Published on Monday, June 27, 2022 | Updated on Wednesday, June 29, 2022

Europe | Minimum wage: from symptoms to causes

On June 7, 2022, the European Parliament and EU Member States reached an agreement on the Directive on adequate minimum wages. Despite the arrival of this Directive, differences in minimum wages between EU Member States will continue to exist for as long as there is no convergence in productivity and employment rates.

Key points

  • Key points:
  • The Directive establishes a framework for the adequacy of statutory minimum wages, promoting collective bargaining on wage setting, and enhancing the effective access of workers to minimum wage protection.
  • While most EU countries have a statutory minimum wage, Denmark, Italy, Austria, Finland and Sweden do not have a single national yardstick, rather sectoral minimum wages set through collective bargaining between employers and labour unions; or by the government, as is the case in Cyprus.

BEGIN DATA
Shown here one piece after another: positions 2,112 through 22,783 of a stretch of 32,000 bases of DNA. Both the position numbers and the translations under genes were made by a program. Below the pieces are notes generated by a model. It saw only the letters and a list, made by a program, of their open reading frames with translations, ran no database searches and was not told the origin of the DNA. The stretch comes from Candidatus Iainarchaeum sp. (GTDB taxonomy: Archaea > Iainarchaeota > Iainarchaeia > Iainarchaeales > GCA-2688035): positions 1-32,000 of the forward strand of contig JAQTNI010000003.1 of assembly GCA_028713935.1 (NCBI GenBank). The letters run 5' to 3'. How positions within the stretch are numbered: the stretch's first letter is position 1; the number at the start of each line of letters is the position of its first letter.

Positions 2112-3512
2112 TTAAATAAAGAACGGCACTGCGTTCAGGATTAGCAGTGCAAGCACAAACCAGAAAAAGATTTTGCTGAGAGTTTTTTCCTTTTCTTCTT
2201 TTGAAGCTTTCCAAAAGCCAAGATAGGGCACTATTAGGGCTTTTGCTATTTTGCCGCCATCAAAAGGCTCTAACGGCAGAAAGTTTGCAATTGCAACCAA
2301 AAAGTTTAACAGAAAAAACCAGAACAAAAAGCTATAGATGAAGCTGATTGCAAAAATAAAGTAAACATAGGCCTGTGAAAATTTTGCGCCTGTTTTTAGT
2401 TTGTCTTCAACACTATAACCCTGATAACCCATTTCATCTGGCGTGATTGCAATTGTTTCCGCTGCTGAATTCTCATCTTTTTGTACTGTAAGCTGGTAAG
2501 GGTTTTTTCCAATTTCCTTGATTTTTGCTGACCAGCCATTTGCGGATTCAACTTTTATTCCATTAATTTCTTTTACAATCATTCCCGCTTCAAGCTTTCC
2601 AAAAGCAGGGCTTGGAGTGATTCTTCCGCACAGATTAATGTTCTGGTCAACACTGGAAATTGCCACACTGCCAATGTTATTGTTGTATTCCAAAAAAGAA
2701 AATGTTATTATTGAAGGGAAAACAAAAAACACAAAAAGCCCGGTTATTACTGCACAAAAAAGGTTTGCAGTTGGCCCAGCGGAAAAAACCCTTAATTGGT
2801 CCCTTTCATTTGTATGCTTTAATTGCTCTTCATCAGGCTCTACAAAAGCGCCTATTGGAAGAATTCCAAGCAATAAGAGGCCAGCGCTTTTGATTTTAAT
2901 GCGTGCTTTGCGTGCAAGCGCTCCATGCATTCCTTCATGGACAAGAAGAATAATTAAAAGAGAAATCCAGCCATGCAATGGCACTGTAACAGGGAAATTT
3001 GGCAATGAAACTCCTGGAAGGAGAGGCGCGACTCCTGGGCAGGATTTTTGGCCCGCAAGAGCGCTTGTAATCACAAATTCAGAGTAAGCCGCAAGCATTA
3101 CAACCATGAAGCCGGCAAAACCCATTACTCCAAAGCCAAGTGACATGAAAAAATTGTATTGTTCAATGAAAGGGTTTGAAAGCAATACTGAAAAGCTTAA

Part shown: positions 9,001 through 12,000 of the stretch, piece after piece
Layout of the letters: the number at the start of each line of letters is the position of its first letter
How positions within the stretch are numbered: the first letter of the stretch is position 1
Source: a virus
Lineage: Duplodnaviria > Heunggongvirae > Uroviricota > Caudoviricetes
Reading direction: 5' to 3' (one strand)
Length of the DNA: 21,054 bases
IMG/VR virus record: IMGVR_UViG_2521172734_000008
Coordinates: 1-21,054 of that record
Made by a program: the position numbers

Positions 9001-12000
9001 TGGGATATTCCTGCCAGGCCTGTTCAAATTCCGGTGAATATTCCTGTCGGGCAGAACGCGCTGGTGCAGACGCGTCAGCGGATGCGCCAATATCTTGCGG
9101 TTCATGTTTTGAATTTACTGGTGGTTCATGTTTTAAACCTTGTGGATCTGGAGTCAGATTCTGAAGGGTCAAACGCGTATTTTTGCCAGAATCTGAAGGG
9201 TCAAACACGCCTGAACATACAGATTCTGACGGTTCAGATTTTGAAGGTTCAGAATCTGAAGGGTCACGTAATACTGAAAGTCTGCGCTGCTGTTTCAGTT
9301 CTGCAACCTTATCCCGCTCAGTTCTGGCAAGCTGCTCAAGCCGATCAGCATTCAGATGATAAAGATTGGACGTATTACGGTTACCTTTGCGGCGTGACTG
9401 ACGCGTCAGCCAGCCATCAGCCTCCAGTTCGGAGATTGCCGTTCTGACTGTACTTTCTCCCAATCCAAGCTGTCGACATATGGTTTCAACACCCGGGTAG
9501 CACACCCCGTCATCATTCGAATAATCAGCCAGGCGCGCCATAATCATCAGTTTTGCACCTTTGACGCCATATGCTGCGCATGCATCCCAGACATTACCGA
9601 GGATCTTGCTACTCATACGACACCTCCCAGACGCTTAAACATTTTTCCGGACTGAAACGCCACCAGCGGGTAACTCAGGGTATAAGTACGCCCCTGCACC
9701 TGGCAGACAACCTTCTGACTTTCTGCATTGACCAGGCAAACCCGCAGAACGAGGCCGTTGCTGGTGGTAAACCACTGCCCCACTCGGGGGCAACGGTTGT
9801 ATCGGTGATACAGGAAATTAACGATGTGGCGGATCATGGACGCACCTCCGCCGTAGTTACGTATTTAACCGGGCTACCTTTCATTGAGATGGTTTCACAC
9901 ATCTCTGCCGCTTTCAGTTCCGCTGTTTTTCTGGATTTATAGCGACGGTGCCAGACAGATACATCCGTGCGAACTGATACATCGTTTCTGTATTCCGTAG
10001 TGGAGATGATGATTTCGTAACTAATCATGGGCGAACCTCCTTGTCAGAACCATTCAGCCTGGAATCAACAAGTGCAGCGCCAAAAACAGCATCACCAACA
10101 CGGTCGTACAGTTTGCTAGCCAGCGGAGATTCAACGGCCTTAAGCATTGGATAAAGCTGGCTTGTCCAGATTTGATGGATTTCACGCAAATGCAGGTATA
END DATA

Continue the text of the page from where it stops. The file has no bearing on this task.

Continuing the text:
• Under the Directive, those states with a statutory minimum wage must have a framework for setting and updating it based on clear criteria such as purchasing power, cost of living, the level, distribution and growth rate of wages, or productivity. To this end, it recommends using 60% of the median gross wage or 50% of the average gross wage as benchmarks.
  • While the Directive is certainly a step forward in improving living and working conditions in the EU, while respecting the national competences of each Member State, it does not guarantee that the results will be the same or even similar between states.

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